Sounding joy: The presence of God
Christmas brings a range of emotions to us all…but no one word captures the birth of Jesus more appropriately than the word joy!
As I reflect on Christmas’s past, I recall many filled with joy and a few more challenging to find joy. As a young child growing up at a multitude of Army bases, none was more joyful than in Berchtesgaden, Germany where my dad was stationed as the director of a recreation facility. We were nestled in the Alps, between snow covered mountains. We went to a very small school that took us skiing once a week in the winter. There were town square celebrations and we sang German Christmas carols in my Armed Forces school. Advent took on a whole new meaning when celebrating in this tiny little village near the Austrian border. I was secure with my parents and three older brothers celebrating Christmas Eve together.
Fast forward about 35 years and I find myself trying to feel joyful around Christmas after the loss of both parents. I taped the following phrase to my door to remind me what joy truly is;
“Joy is not the absence of suffering but the presence of God.”
I read that phrase almost daily as I passed that door and reminded myself that God was with me in all circumstances.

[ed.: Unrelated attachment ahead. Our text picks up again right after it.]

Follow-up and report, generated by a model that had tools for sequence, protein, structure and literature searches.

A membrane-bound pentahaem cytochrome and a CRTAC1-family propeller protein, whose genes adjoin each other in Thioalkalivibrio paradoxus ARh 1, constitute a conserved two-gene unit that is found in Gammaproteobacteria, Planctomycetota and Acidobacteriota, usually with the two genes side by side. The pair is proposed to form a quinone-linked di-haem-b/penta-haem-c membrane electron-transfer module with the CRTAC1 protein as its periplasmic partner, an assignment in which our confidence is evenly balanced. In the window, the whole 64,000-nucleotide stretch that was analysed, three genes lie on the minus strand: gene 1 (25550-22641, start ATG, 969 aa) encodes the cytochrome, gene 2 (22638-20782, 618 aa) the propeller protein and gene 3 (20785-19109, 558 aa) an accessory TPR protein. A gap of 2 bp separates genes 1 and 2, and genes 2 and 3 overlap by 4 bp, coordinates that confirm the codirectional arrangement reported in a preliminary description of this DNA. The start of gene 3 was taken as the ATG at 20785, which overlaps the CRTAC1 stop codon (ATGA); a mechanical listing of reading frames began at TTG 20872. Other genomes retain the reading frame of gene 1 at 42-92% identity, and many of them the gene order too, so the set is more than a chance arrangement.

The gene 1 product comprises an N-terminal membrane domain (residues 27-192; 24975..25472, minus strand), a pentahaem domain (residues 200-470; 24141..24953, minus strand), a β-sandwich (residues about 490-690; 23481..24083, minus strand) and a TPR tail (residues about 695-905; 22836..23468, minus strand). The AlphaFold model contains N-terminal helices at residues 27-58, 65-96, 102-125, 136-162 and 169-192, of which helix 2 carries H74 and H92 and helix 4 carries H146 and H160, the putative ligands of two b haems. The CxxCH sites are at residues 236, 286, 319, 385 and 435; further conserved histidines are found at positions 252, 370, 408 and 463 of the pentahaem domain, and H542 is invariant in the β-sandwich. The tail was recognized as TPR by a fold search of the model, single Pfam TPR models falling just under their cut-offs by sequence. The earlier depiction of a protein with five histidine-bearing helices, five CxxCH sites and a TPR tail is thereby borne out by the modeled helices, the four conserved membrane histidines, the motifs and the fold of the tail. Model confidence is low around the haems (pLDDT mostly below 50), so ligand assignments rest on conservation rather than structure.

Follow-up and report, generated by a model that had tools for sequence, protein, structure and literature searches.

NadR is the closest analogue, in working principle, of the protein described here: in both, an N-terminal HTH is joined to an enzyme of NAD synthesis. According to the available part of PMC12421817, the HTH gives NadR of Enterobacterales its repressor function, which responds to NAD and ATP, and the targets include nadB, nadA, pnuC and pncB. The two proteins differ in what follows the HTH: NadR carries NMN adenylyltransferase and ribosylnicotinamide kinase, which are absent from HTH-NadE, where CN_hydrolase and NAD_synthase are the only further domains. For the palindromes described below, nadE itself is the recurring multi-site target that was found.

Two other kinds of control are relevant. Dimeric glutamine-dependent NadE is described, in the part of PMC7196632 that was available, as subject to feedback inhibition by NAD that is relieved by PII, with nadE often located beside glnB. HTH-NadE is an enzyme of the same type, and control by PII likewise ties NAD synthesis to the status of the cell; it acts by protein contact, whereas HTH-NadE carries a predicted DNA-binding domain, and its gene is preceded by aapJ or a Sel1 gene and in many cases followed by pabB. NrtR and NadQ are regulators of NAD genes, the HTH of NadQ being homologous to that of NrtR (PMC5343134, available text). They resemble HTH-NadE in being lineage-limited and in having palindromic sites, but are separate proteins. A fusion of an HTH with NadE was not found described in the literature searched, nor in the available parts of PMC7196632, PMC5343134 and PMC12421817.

In the last few years, I have been blessed beyond measure with an expanding family and an amazing group of treasured friends. I decorate Christmas cookies with grandchildren and still play my German Christmas carols on the piano. I often sit beside my daughter at church holding our lit candles on Christmas Eve and we tear up together as we celebrate the birth of our Lord.
I believe, like Pastor Marty mentioned in his sermon last week, that we are given joy as Christians. It truly is a gift from God. Joy doesn’t take away the loss of a beloved family member or a dear friend, it doesn’t eliminate a pandemic, violent storms or life challenging situations. But joy does open our eyes to God always being present in our lives.
So, this year I will be singing beside my grandchildren ever so loudly, “joy to the world, the Lord has come,” and also “Oh Du Frohliche” (Oh How Joyfully) and probably tearful once again that God has graced me with an abundance of joy!!!
Annie Stern is married to Dave and is a retired speech-language pathologist. Annie & Dave have four married adult children and six grandchildren. Annie has been a member of St. Paul for 44 years.